Beginning with a list of 13 words, Snicket (a.k.a. Daniel Handler) created a story that is fun and silly and that contains just a little bit of learning. The thirteen words are these:
1. BirdAs you can see, some are easy, everyday words and some need to be defined within the story for the young readers that are enjoying the story. I thought it was very well executed and Z now knows what a convertible and a mezzo-soprano are! We also loved the artwork of Maira Kalman. I've already enjoyed her New York Times pieces in the past and, though I wouldn't have thought of her as a picture book illustrator, her simple and colorful drawings are just the thing to bring this story to life.
One of the things I immediately thought of with this book was the opportunity for teachers and librarians to use this as a launching point for a student activity. By giving the kids a list of words, some known and some unknown, you could allow them to write their own stories and learn how to research words that are new to them. In fact, I thought it would be fun to do this at home with Z. So, here is Z's version of 13 Words with the words I gave him in bold. He composed and typed it all by himself and we had a browser window open to dictionary.com which he used to look up the words that he didn't know.
There once was a boy named Earl.
Suddenly, Earl met a monkey.
Earl and the monkey rode a bicycle.
All the monkeys think Earl is carefree.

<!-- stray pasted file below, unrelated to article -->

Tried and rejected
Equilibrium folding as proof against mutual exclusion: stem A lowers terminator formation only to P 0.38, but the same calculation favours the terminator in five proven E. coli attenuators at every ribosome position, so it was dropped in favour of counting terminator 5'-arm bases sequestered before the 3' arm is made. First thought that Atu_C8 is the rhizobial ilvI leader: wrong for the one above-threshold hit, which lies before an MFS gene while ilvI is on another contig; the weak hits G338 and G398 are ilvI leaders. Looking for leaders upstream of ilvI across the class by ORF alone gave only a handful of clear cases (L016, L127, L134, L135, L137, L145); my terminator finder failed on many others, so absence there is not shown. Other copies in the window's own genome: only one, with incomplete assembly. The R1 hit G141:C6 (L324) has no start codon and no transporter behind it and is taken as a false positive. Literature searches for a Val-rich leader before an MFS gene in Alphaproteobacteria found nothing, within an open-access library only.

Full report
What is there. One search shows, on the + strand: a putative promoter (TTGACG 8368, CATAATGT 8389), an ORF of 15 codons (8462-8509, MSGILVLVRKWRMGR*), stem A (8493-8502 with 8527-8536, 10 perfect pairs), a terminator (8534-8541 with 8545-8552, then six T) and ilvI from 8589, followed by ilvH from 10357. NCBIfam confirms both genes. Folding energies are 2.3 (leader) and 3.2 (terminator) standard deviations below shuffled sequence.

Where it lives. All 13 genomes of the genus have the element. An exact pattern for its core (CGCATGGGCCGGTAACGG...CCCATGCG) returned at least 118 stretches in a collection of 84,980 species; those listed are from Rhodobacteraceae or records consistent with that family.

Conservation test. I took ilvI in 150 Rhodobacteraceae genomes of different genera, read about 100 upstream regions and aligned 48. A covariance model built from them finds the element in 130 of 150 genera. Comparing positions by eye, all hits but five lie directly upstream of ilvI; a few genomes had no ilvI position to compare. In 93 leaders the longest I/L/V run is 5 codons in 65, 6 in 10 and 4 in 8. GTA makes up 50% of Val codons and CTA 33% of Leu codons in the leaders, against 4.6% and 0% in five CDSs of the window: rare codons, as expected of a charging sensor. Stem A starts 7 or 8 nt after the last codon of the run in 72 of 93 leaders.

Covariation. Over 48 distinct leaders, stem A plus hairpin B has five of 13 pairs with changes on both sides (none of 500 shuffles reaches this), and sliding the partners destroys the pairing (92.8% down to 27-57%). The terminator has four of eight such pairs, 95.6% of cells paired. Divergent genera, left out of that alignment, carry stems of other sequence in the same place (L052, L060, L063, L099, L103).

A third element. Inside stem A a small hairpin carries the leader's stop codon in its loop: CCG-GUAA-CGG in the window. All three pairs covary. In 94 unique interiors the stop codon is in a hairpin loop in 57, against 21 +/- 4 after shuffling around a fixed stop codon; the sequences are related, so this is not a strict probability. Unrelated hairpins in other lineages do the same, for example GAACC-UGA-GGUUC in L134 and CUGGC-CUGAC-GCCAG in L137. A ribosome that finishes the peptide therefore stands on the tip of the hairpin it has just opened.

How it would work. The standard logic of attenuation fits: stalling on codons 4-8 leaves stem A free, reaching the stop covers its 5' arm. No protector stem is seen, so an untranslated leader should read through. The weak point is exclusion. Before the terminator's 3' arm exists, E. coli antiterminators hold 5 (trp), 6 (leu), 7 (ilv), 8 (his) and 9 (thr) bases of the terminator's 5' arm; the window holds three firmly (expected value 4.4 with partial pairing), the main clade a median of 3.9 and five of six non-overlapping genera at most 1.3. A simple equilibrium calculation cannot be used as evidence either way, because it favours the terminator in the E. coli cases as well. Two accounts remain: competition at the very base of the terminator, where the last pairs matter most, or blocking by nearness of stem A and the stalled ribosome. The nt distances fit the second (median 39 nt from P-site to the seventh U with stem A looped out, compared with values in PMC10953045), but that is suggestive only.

Earl and the monkey splashed into a puddle.
“I’m so distracted!” said the monkey.
Earl and the monkey rode the bicycle into a grotto.
There was a popsicle shop in the grotto.
There was an alligator for a cashier.
The monkey went to her mother.
The monkey gave her mother a genuine popsicle.
“I’m tired.” said the monkey.
Earl was grateful for his family.
Not bad for a six year old, right? And he actually used grateful in a sentence the next day! If you decide to try this activity with your kids or students, leave us a link or paste your story in the comments. And this is one of the few times that I will recommend that you watch the book trailer. It's hilarious and features the very silly Lemony Snicket and a real live mezzo-soprano!
Genuinely grateful for good picture books,
K and Z
Support our site and buy 13 Words on Amazon or find it at your local library. We borrowed our copy from the library and helped Z's school library get a copy.